But it won’t get any harder, and I hope you find your way again.”
There’s no guarantee that hard will not become harder. I must weather the disappointments that truly are. Again and again she repeats the word and I am forced to face my own disappointments head on, taking them for what they are worth.
I have them all the time. Ridiculous thoughts. They grow and they build. I hold on tight, onto the ride, through life. I move on and keep moving forward. These thoughts, threaten to swallow me up.
“You’re going to have to hold on,” she repeats, “to meeeeeeeee!!!”
Swiftly, she pulls me forward with the force of her words, but how do you escape your own thoughts?
Dreaming My Dreams:
The perfect song for marriage and a life together. Sure, I dreamed it would be mine someday too, the sentiment of this song that would run deep. To find that one other person to live out my dreams with. These words bringing me hope and faith that he exists, somewhere out there.
“All the things, you said to me today, changed my perspective in every way.”
What an uplifting thought, that one other person, the right person can totally change the perspective from which you look at life.
“It’s out there. It’s out there. It’s out there. If you want me I’ll be there.”
Guitar and violin here are the stuff of those dreams. the dream is hard to give up. I won’t. I will be there for someone, for the right one who wants me and what may be waiting for us both out there.
“Silenced by death in the grave.”
As a child, this poet I did not know, but who was important enough to become this song to this band. Talk of graves did not deter me, even as a young girl with talk of graves and misery.
“Had they but courage equal to desire.”
The darkness of it I was drawn to from the first time (poem, song, words, and lyrics), both courage and desire, in the darkness, being things I wondered at most already.
“And you sit here with me, on the Isle of Innisfree.”
Innisfree out there somewhere. Poetry and lyrics of which I wanted to explore and a place far in the mists of the mythical, but the Isle of Innisfree was out there somewhere, a real live place, secluded and remote.
“Why should I blame her, that she filled my days with misery?”
A time when this song played on a bus, on the way to this grave where I then stood and this poetry and the music I know oh so well now became oh so real.
Lake Isle of Innisfree, Wikipedia
“Holding on. that’s what I do since I met you. And it won’t be long. Would you notice if I left you? And it’s hard for some, ‘cause you’re not the one.”
The song with the two parts, the sorrow first, in the end of something.
“All night long, laid on my pillow. These things are wrong. I can’t sleep here!!!”
And then the beauty to be discovered underneath, with recognizing the problem and taking steps to make things better and beautiful again.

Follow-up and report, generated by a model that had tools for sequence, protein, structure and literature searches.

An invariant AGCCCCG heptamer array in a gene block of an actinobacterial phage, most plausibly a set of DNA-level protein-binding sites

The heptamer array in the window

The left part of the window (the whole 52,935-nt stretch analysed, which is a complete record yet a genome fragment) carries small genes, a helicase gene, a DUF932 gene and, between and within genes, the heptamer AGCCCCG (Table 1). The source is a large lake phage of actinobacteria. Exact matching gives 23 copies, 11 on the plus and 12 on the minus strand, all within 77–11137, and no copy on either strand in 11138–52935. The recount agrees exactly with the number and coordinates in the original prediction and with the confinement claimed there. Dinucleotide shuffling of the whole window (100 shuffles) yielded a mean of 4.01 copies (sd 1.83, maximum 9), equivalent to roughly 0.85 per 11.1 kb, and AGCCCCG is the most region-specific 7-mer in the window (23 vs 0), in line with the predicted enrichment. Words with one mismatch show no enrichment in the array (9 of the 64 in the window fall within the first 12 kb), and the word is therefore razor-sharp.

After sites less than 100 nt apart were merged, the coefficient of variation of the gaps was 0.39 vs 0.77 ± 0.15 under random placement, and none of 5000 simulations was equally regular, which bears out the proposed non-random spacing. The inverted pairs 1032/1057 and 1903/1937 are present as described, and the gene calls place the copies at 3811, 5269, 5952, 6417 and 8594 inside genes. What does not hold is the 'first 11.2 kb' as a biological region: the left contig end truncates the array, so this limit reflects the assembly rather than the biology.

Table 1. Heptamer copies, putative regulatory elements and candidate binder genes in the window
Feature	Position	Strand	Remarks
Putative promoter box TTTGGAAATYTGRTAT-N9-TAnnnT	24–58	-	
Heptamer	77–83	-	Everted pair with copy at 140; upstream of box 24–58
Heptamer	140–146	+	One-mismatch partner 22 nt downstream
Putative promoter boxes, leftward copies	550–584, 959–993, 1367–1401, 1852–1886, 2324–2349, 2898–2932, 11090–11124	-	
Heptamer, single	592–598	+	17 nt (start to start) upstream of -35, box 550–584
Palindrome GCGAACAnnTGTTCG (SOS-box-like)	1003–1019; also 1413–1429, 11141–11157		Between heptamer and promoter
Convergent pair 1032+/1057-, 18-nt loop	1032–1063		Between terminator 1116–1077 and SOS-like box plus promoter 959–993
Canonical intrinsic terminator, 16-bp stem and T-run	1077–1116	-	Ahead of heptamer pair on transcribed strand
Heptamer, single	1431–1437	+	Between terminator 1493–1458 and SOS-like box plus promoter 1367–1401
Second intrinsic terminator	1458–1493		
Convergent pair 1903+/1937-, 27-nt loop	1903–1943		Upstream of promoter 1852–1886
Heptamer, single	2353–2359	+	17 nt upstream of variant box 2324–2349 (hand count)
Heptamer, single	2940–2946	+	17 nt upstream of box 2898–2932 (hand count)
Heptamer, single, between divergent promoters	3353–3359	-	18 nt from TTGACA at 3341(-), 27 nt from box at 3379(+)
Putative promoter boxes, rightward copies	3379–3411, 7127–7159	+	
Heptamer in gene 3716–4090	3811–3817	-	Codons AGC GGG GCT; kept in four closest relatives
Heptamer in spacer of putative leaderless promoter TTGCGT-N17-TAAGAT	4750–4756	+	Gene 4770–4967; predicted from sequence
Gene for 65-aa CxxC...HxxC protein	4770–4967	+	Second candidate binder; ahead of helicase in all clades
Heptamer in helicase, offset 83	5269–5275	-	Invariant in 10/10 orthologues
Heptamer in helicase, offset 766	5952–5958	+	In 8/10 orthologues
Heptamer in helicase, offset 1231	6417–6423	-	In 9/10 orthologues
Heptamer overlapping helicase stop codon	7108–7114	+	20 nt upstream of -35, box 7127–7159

“I have decided to leave you forever. I have decided to start things from here. Thunder and lightening won’t change what I feel. And the daffodils look lovely today.”
The symbolic daffodils, “look lovely today.” The symbolic use of nature, thunder and lightening and pretty flowers, the disguises hidden under the surface perhaps?
“Ooh in your eyes I can see the disguise. Ooh in your eyes I can see the dismay. Has anyone seen lightening? Has anybody looked lovely? And the daffodils look lovely today.”
The song grows into an upbeat theme song for looking on the bright side of things and then ends, its final note on a downcast layering of a true lament.
No Need To Argue (Title Track):
A quiet end to a one-of-a-kind musical and lyrical experience.
“There’s no need to argue anymore. I gave all I could but it left me so sore.”
One lowly organ and her memories.
“And the thing that makes me mad was the one thing that I had. I knew, I knew, I’d lose you. YOU’ll always be special to me.”
Such memories, it feels like an intrusion, but perhaps a window onto these memories that can be sad and wistful at the same time, but that don’t have to be forever painful to recall.
“And I remember all the things we once shared, watching TV movies on the living room armchair. And they say it will work out fine. Was it all a waste of time? Cause I knew, I knew I’d lose you. You’ll always be special to me.”
Different memories, perhaps, but the same remembrance.
“There’s no need to argue anymore.”
And there’s a certain peace in this, in the quietude and solitude of this last track, the snapshots that flip, from one to the next, in the minds’ eye.
“Special,” she whispers faintly at the end.
Yes, “No Need To Argue” is certainly special to me.
Happy Twenty-year Anniversary to an album that changed my life and will surely last the test of time.